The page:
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December 17, 2017

[liveblog] Maarit Rossi on teaching math that matters

I’m at the STEAM ed Finland conference in Jyväskylä. Maarit Rossi, who teaches math teaching around the world, is talking on the topic: “AI forces us to change maths education.”

NOTE: Live-blogging. Getting things wrong. Missing points. Omitting key information. Introducing artificial choppiness. Over-emphasizing small matters. Paraphrasing badly. Not running a spellpchecker. Mangling other people’s ideas and words. You are warned, people.


Finnish teachers are doing a great, great job, she says. “But we are doing it too quietly.”


Education is too similar to industrial assembly lines. Students sit passively in rows. Students find math education to be boring, meaningless, and frightening. Typically this happens sometime in 5-7th grade. Teaching math has not changed in 100 years. It is a global problem.


Meanwhile, tech is changing really quickly. (She shows a photo from 1956 of workers shoving a 5 megabyte drive onto a truck.)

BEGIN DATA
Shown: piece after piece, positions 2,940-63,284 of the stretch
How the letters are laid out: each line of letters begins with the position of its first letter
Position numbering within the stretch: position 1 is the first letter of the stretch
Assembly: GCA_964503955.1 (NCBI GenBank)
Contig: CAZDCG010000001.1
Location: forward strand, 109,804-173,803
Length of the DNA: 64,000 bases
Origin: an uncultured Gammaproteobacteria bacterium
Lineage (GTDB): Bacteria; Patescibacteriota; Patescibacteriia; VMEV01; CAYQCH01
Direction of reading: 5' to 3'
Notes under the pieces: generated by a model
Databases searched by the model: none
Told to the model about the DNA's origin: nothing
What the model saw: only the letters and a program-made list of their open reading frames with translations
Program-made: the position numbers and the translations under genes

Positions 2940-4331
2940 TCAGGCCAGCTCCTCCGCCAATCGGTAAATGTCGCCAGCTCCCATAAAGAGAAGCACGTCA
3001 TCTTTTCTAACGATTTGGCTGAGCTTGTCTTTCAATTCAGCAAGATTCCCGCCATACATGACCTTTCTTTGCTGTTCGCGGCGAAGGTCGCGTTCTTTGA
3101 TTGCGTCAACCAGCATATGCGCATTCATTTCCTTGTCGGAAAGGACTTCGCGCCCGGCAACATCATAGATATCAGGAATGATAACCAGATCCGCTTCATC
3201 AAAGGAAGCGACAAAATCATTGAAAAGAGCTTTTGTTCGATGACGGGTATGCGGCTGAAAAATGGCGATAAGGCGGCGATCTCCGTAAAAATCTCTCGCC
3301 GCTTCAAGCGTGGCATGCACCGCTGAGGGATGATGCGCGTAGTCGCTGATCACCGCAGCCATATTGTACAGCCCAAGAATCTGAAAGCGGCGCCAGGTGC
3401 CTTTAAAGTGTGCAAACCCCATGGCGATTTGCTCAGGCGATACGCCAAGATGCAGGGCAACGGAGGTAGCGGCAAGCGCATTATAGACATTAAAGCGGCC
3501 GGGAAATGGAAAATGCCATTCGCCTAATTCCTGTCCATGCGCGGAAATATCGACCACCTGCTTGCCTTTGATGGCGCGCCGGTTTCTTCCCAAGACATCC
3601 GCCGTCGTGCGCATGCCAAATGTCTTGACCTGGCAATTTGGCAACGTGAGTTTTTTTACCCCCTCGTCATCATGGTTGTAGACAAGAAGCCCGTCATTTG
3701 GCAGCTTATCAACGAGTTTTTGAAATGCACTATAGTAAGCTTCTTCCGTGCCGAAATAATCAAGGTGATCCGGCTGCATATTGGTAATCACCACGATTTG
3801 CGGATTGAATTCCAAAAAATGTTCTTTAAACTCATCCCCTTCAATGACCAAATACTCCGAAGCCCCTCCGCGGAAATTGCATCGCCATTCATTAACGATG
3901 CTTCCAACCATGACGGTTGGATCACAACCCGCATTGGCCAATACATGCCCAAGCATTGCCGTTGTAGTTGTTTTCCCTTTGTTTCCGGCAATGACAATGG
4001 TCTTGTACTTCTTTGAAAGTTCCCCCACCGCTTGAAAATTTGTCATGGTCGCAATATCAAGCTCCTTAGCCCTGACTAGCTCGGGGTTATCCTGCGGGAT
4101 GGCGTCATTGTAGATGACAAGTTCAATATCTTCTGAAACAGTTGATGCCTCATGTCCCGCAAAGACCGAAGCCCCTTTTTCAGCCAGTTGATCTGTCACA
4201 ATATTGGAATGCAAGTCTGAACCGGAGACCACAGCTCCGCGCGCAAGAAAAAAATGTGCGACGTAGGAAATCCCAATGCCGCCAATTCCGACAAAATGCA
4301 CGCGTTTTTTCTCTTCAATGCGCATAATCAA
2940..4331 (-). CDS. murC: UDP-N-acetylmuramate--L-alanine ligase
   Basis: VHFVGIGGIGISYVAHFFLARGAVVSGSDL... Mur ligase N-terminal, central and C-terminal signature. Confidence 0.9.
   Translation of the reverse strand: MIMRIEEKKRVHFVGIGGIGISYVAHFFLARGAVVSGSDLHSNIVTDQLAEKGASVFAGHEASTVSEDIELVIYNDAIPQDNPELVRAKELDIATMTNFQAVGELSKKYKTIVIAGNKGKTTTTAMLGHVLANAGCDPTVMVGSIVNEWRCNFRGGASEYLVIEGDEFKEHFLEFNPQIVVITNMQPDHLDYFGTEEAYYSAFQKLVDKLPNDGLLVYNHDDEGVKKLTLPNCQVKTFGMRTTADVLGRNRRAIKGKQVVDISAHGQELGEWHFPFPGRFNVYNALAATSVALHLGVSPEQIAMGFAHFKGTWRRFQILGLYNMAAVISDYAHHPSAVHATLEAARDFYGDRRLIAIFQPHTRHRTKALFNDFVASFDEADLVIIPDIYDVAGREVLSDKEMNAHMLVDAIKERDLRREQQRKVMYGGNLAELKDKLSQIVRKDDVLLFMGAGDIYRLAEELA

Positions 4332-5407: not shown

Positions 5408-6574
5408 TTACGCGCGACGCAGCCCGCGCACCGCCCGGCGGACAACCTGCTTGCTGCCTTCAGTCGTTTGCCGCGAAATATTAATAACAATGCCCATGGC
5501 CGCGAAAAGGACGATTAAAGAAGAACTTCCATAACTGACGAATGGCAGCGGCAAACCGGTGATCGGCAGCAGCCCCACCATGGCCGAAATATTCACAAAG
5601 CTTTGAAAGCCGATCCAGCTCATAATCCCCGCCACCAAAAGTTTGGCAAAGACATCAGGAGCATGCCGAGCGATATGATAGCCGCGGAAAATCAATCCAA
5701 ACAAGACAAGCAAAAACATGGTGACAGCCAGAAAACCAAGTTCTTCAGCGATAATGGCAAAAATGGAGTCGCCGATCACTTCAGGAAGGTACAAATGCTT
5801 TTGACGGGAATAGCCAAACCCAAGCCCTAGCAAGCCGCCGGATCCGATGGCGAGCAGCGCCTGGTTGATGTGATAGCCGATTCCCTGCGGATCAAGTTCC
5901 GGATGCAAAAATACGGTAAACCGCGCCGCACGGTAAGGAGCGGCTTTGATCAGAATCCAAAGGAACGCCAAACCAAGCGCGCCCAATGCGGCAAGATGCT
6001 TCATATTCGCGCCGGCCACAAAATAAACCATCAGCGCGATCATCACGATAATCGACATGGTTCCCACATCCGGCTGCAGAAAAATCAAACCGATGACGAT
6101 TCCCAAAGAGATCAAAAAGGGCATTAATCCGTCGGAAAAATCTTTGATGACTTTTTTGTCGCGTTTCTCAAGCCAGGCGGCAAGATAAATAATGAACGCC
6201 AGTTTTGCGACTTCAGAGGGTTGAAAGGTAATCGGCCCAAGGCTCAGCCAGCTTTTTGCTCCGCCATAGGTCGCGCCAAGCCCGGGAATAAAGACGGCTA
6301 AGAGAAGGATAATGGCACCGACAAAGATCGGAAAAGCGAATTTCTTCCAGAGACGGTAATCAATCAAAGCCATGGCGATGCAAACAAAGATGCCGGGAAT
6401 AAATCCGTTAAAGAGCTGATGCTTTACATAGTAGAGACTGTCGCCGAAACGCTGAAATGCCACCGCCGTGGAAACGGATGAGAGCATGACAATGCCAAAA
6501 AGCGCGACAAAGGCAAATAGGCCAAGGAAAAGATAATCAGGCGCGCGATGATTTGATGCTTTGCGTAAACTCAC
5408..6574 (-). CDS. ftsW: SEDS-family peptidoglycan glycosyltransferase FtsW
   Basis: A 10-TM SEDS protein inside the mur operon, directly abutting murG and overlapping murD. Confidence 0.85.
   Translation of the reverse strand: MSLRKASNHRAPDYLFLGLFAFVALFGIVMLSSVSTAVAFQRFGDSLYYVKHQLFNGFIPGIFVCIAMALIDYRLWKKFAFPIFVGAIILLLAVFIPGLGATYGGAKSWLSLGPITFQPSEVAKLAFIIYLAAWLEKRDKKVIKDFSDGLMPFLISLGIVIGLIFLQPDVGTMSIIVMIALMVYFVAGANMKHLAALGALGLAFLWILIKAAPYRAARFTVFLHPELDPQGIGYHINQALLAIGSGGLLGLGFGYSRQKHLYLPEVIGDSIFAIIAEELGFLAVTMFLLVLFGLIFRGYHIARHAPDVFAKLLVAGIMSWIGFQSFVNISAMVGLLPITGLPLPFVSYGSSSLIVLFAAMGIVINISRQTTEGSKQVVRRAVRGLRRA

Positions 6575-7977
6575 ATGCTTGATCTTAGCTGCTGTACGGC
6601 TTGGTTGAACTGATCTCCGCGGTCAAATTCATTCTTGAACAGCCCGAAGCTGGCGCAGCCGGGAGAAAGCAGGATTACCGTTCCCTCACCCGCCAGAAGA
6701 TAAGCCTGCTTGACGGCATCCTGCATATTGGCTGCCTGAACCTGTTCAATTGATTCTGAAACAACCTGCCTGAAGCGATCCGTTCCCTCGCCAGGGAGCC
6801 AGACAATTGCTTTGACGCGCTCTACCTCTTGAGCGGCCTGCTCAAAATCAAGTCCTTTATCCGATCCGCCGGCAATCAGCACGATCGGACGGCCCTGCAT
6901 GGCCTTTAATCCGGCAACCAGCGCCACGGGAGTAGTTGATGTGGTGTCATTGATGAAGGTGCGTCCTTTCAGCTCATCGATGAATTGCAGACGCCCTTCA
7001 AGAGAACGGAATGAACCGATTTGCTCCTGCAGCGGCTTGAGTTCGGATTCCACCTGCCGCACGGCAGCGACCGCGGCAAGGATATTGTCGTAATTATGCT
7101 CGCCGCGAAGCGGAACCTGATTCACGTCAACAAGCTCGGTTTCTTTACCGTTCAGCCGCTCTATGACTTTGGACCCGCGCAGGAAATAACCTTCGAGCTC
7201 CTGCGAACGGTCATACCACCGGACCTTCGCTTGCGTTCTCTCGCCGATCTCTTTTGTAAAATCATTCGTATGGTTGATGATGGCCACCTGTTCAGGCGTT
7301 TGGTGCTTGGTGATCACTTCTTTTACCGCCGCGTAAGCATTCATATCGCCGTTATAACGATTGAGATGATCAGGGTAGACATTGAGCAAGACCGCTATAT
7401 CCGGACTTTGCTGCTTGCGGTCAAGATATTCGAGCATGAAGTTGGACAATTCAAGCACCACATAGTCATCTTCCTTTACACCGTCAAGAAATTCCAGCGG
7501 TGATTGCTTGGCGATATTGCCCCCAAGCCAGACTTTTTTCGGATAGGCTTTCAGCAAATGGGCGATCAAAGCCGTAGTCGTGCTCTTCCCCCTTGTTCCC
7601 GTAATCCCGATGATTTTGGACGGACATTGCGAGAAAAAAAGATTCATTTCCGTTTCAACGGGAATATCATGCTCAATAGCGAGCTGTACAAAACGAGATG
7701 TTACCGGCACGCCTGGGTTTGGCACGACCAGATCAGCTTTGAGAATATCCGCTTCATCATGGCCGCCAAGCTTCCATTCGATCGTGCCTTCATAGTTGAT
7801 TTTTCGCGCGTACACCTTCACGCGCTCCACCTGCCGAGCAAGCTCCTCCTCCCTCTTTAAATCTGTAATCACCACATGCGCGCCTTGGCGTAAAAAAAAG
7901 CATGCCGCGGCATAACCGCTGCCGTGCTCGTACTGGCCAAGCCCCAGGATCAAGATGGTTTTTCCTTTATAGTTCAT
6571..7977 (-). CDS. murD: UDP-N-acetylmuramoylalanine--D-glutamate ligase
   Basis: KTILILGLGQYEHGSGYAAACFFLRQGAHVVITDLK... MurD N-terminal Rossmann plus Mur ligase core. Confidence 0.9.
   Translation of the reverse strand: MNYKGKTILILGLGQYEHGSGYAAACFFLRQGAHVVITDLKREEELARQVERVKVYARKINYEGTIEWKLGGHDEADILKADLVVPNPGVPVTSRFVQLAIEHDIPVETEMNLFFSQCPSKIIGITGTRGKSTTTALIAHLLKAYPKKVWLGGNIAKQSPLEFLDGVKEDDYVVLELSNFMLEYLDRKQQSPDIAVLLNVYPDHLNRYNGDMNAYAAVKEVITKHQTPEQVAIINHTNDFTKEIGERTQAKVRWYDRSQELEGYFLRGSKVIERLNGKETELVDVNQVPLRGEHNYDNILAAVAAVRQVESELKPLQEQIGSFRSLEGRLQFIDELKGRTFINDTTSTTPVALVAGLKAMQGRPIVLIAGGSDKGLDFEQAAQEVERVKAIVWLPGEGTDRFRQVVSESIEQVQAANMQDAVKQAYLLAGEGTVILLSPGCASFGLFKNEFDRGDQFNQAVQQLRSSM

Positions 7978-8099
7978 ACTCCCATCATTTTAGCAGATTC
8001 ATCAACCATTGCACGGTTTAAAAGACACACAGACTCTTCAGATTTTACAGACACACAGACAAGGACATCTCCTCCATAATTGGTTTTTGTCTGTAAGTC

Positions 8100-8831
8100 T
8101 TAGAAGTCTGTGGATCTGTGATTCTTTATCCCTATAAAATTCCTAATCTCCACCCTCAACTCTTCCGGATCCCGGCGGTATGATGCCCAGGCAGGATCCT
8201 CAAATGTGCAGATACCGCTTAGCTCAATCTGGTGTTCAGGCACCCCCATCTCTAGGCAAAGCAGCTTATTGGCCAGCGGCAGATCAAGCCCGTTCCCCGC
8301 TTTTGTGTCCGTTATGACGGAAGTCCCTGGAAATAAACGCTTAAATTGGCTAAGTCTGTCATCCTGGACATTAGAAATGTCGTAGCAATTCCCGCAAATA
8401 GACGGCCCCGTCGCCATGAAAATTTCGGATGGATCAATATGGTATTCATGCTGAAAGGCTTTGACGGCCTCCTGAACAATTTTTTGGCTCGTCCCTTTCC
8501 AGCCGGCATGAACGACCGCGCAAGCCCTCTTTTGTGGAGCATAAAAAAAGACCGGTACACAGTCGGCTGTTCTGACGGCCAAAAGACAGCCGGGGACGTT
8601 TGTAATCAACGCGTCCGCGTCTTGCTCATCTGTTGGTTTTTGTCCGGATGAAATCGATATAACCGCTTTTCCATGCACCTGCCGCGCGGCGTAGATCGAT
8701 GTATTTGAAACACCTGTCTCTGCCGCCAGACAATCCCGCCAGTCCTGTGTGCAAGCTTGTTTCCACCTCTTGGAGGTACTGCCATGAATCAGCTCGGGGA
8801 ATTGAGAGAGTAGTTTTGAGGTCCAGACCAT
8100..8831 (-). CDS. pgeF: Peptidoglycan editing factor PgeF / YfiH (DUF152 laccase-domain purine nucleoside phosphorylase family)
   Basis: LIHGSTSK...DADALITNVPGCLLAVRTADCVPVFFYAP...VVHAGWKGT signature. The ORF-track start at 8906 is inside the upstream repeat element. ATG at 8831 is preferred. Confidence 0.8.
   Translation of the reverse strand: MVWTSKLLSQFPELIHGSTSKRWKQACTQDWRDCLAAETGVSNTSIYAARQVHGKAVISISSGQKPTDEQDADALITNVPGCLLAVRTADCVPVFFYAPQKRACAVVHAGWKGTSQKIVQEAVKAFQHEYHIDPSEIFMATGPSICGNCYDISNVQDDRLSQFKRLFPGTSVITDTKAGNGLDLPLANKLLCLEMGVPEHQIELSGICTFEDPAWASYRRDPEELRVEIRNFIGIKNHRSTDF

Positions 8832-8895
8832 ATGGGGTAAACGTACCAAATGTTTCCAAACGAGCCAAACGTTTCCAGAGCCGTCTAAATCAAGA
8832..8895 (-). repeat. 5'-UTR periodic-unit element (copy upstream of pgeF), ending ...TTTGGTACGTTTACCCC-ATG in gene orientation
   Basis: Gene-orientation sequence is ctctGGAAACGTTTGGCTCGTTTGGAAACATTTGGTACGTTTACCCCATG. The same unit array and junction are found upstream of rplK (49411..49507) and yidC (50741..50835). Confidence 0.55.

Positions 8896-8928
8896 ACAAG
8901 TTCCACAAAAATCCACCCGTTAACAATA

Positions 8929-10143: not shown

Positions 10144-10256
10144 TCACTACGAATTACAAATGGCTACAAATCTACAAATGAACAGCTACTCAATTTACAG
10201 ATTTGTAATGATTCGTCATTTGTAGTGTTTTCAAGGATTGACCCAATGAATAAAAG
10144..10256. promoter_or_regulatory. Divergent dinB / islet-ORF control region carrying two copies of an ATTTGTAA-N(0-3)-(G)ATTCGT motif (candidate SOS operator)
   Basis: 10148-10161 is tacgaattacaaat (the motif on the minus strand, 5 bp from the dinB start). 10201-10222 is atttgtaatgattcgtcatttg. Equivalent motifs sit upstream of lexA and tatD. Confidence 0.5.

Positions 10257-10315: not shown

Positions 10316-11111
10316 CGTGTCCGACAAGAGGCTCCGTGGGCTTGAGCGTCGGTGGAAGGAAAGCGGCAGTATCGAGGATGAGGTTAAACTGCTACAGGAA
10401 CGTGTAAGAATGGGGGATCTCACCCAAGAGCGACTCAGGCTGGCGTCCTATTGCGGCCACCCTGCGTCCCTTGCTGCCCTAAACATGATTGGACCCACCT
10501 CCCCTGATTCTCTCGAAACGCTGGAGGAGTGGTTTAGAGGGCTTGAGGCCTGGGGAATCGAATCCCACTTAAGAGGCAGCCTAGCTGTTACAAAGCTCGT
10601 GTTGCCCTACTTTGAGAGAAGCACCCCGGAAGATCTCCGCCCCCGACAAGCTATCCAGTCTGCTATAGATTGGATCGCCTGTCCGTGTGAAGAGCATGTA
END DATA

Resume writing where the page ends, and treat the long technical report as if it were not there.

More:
1956 5mb drive loaded onto truck

These days we are talking about personalizing math education. Easily available programs solve math problems. In the USA, people say the students are “cheating.” No, they’re being educated wrong. We need to be asking if we’re teaching students 10 critical skills, including cognitive flexibility, nebotiation, coordinating with others, emotional intelligence, critical thinking, creaetivity, complex problem solving, service orientation [and a couple of others I didn’t have time to copy down].


A modern math curriculum addresses attitudes, metacognition (e.g., self-regulation), skills, concepts, and processes. Instead, we focus on the concepts (e.g., algebraic, statistical, etc.).


A classroom has to be a safe place where you can make mistakes.